I think there is also a KFC index. That is, the food that is served as a side, represents the tasting habits of a country. Australia has mash and gravy (potatoes obviously coming from our Irish heritage). Spain has corn. France has wine and cigarettes, while the US has an entire deep fried bovine covered in chocolate and an optional animal fat dipping sauce.

One guess what the UK has:
Can't beat them, join them!

Wednesday, November 15, 2006

Australia vs Ghana

Hoping off the tube in Shepard’s Bush I was confronted with a chilly autumn evening of 7 degrees – at 6.30pm. Brrrr I shivered and made my way across the park to the SheyBu Walkie (Shepard’s Bush Walkabout). Now this is the true birthplace of Australiana in the UK and I’m proud to say this was the first time I’ve been.

A few warm up bevies with some mates and it was off to Loftus Road to watch two-up-and-coming teams in the global sport of football – Australia vs Ghana.
While you wouldn’t really expect a show of sheer power and skill in this game, you’d expect a good laugh from the crowd, and that’s what we got. While the game was lack lustre, the off field antics is what we came for. Be it the Australian section of the ground being drunk dry of all beer, scotch and wine or the constant African drumming coming from the other side of the ground from the Ghanese (I think that’s what they’re called) it was good fun; they never stop laughing those fellas.

A goal in the first half from Brechiano induced jumping, hugging and kissing from all around, it was soon back down to the business at hand – abusing the referee and opposition.

Calls were varied:

BBUUULLLLSSSHHHIIIITTTTT!!!!!! (To the referee at every chance)
Nice leotards (Second string Ghana goalie after the first one kept falling over every time some one was near him)
Save it for your Flashdance audition fuckwit (that was mine! Got a few laughs – Ghana player took a dive).

And my personal favourite, when Ghana scored, nearly every African in the UK flooded the field to hug the players – was very funny. They were every where. Being tackled by security, but laughing all the time. As soon as one guy was taken down, it meant 10 more saw their opportunity to get on the pitch.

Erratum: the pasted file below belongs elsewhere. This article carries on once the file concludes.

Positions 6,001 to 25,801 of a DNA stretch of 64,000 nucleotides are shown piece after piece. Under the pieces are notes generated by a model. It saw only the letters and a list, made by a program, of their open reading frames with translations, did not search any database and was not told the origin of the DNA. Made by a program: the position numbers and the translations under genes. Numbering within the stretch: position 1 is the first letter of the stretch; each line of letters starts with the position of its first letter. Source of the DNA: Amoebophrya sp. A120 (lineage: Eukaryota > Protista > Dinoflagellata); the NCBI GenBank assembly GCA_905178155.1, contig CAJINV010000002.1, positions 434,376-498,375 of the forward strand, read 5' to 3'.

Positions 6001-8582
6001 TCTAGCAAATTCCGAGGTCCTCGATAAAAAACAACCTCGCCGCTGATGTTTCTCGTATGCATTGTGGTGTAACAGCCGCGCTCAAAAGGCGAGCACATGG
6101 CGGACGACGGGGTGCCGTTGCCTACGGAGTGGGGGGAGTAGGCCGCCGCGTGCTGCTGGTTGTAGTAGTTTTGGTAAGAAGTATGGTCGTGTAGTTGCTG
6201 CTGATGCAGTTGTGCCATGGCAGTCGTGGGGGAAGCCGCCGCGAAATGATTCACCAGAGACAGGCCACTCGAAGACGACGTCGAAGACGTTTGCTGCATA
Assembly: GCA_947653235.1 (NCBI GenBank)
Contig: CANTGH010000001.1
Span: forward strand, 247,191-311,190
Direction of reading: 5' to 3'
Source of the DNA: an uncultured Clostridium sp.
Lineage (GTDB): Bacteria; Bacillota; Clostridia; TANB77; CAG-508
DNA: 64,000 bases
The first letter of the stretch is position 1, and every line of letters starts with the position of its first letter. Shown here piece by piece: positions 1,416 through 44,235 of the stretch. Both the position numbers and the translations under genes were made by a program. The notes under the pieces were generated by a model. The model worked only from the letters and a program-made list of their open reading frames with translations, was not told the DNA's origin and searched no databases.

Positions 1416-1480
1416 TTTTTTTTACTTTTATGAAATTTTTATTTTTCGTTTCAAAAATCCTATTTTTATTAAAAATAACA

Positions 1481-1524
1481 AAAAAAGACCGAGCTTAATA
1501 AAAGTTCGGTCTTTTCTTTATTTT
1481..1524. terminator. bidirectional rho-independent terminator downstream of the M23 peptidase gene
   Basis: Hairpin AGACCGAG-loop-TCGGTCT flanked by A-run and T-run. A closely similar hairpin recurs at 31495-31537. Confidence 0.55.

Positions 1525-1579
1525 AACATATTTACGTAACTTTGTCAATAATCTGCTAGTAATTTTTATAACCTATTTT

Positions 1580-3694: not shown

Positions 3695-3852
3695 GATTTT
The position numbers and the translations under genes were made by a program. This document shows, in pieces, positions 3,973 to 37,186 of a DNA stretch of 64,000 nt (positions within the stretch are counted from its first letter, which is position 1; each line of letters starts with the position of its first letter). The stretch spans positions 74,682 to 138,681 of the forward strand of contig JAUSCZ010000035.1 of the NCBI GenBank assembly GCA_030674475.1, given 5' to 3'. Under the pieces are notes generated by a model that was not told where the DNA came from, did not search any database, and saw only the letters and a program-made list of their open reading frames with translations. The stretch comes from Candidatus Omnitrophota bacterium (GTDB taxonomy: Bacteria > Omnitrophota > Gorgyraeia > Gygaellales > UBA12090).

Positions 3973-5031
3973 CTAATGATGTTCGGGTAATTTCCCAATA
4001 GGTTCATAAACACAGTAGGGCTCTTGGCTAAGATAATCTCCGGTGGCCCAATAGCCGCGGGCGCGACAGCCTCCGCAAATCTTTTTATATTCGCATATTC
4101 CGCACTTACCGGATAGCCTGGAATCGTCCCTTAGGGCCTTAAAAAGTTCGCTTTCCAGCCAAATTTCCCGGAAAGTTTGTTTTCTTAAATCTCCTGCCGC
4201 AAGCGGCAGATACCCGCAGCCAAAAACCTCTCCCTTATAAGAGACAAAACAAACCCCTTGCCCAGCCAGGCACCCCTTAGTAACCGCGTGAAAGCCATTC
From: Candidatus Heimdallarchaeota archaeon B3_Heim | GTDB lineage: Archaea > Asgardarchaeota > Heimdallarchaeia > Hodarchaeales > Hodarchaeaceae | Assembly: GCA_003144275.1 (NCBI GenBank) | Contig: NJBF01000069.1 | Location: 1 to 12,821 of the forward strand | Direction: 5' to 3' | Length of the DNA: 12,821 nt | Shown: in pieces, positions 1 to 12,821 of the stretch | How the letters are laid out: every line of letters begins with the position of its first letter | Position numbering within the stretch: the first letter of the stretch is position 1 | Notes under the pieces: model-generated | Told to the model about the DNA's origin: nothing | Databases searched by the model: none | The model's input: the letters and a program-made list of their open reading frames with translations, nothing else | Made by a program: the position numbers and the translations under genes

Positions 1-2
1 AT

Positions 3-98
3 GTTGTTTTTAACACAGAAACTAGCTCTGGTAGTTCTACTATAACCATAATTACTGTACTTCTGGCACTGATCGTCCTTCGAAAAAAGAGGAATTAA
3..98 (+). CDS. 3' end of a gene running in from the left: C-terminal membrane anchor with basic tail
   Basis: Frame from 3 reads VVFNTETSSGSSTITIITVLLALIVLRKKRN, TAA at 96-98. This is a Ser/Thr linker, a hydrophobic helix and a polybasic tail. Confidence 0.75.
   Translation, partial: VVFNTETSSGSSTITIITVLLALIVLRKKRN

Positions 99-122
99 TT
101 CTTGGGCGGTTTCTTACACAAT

When Australia scored, no one clapped the Aussies. No one jumped about that much. We just started abusing the Ghana goalkeeper: “You are a wanker, you are a wanker.”

Game finished up 1-1 draw, not that it mattered, we were all just wasting time before we could get out of the cold and back to the pub.

Thursday, November 02, 2006

You 'avin a laugh my son!!!

Chavs. The english word for bogan. However, the only thing that bogans would do to harm you is insult your eyes with a whopping great mullet. Quoting Simon, chavs are more the let’s-go-and-slash-somebody’s-face-and–film-it-on-our-mobile-phones sort of people.

When you think of the typical lobster red on a Spanish holiday, lager drinking in the streets with a shaved head and a nike swish earing, you're thinking of a chav. The dress usually consists of:

1 pair Nike white trainers
1 pair Nike tube socks
1 Nike t-shirt (sleeveless)
1 pair Nike 3/4 tracksuit pants
1 Nike symbol earing
1 shaved head
Flick knife optional (men)
Baby optional (women)

1 pair Nike white trainers
1 pair Nike tube socks
1 Nike t-shirt
1 Nike tracksuit
1 Nike symbol earing
1 Nike beanie
Flick knife (men)
Baby - necessary (women)

Chavs wear a lot of tarcksuits, polo shirts and baseball caps. All their clothes appear to be designer, but are rip-offs. Popular Chav brands include: Nike, Adidas, Reebok, Kappa, Ellesse, Von Dutch, and Burberry. In fact, fake Burberry is so popular that the Burberry brand is actually being severly damaged.
Chavs like the bling - and pretending to have lots of money. They wear massive gold chains, bad replica watches and MASSIVE hoop earrings, all normally purchased from Argos. The bigger and more ridiculous the jewellry, the bigger the Chav.
Male Chavs favour Rap, while females prefer R&B, but both sexes like dance music, but it must be mindless and repetitive, such as House, Trance, Drum & Bass or something similar. The faster and louder the better, all the better to cook their tiny minds with.
Chavs MUST purchase a car as soon as they are old enough (driving license and insurance optional). This means it will be old and shit as they have very little money. They solve this by modding their cars, first come alloys, then a terrible bodykit, the more deformed the car, the better. Then a bigger exhaust - beer keg cut in half is normally too small. Finally a large sound system, so that the bass can shatter nearby windows while playing their favourite Trance track at full volume.
Chavs can't speak, they can't write either. They say things like 'innit', 'know what I mean' or try and impersonate a black accent. Mind you I will put a disclaimer in here that some of my favourite people say 'innit'. In fact, the typical greeting is: 'hiya, you alright', and it is growing on me a bit. As is 'innit'. I have dropped it once or twice.

There are famous chavs
Chav couples

And piss-take chavsThere is only one way to keep the chav population down, and I'm off to trademark it now!